Plaintiff presented evidence from an economics expert, Robert N. Fenili, Ph.D, as to the demonstrated earning capacity of someone of plaintiff's race, sex, age, and educational level. Then, this expert projected the figure for earning capacity over the working life of the plaintiff, on the assumption that he would work until age 65, taking into account probable wage increases. The demonstrated earning capacity and actual future earning capacity were reduced by the expert witness to their present value using a valid discount rate. The loss of future earnings is the difference between the present value of the demonstrated earning capacity and the present value of the actual earning capacity. District of Columbia v. Barriteau, 399 A.2d 563, 567 n.6 (D.C. 1979).
In calculating plaintiff's actual future earnings, Dr. Fenili reviewed plaintiff's employment record and income tax returns from 1991 through 1995. Plaintiff's 1995 income of $ 4,388 corresponded to the expert testimony of neuropsychologist Dr. Linda Sapin, Ph.D., that plaintiff will likely only work half-time and at a minimum wage job, so Dr. Fenili calculated the present value of plaintiff's current income capability--$ 172,302--by projecting the 1995 income at an annual rate of 1.283, the rate by which real wages had increased from 1991 to 1995.
Dr. Fenili then subtracted plaintiff's current income capability of $ 172,302 from his projected income in each of three scenarios: (1) plaintiff receives only a high school degree; (2) plaintiff receives a college degree; and (3) plaintiff receives a professional degree. As indicated, prior to the accident, plaintiff was attending Gonzaga College High School, a college-prep high school. Based in part on information from Gonzaga, Dr. Fenili estimated the probability of each scenario as a 16% chance that plaintiff would obtain only a high school degree, a 60% chance that plaintiff would obtain no more than a college degree, and a 24% chance that plaintiff would obtain a professional degree.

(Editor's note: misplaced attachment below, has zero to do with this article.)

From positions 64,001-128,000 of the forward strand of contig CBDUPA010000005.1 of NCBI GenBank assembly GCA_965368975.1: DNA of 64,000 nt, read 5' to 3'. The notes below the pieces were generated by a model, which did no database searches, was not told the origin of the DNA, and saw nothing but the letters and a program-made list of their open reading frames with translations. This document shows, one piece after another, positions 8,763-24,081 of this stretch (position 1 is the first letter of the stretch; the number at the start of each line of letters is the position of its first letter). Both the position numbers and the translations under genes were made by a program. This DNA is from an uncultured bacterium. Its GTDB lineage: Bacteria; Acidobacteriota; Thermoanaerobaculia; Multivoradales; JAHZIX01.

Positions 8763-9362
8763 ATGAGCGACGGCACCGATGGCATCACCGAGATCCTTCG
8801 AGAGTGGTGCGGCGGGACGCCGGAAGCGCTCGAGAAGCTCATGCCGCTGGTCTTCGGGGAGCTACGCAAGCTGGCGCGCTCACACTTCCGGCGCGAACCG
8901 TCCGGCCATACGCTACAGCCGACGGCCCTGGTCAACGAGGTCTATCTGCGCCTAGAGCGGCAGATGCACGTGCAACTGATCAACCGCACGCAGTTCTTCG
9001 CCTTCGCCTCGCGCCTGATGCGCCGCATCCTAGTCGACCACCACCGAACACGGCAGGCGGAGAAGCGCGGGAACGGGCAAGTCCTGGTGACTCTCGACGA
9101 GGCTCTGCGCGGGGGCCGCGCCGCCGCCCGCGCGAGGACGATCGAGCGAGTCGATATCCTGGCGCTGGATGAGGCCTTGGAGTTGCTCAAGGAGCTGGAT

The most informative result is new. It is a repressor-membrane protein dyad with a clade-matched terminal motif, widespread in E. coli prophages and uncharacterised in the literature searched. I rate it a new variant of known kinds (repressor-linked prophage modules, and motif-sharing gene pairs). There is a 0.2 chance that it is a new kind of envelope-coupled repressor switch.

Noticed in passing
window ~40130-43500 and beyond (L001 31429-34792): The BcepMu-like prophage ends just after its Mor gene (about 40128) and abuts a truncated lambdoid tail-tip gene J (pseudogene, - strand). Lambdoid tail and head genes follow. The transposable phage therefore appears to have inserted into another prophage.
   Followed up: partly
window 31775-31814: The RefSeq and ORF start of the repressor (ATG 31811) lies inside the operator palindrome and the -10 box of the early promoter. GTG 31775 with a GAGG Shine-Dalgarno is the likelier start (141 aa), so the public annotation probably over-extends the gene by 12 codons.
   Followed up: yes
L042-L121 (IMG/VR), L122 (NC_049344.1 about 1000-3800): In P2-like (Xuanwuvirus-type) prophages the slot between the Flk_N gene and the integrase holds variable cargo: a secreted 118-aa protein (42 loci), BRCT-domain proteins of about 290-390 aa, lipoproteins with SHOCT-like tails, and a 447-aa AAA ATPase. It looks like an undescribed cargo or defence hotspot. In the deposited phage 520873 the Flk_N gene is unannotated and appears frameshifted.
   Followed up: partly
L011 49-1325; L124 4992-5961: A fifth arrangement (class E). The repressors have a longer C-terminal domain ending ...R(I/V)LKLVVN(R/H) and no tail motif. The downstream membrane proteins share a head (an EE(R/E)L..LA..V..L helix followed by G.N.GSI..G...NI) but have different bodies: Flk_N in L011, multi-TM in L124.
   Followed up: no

Plaintiff's siblings are each enrolled in professional degree programs (law and business) and the Court considers, as it may, the education of family in determining the probability that he would have reached a certain education level had the accident not occurred. WMATA v. Davis, 606 A.2d 165, 177-78 (D.C. 1992). In addition, prior to the accident, plaintiff had expressed an interest in becoming a lawyer. In light of all of the evidence, the Court finds that, but for the accident, plaintiff most likely would have obtained at least a college degree and there is a significant probability that he would have obtained a professional degree.
By using U.S. Department of Commerce, Bureau of Census statistics for the mean salary of white male college graduates aged 25 to 34 in 1991--$ 32,600--applying an appropriate increase to reflect 1996 dollars, Dr. Fenili projected this salary by 1.283 percent, the rate by which real wages had increased from 1991 to 1995. To this salary, Dr. Fenili added the value of fringe benefits as 30 percent of salary, based on a study by Mercer, a private consulting firm.
After calculating the base salary, the plaintiff's loss is further reduced by the cost that plaintiff would have incurred to attend college and/or professional school, based on the U.S. Department of Education's average of private and public school costs. Then, applying a discount rate of two percent to plaintiff's future expected earnings, Dr. Fenili calculated plaintiff's diminution in earning capacity based on the probability of the three scenarios (high school, college or professional degree) for a weighted average of $ 1,632,509.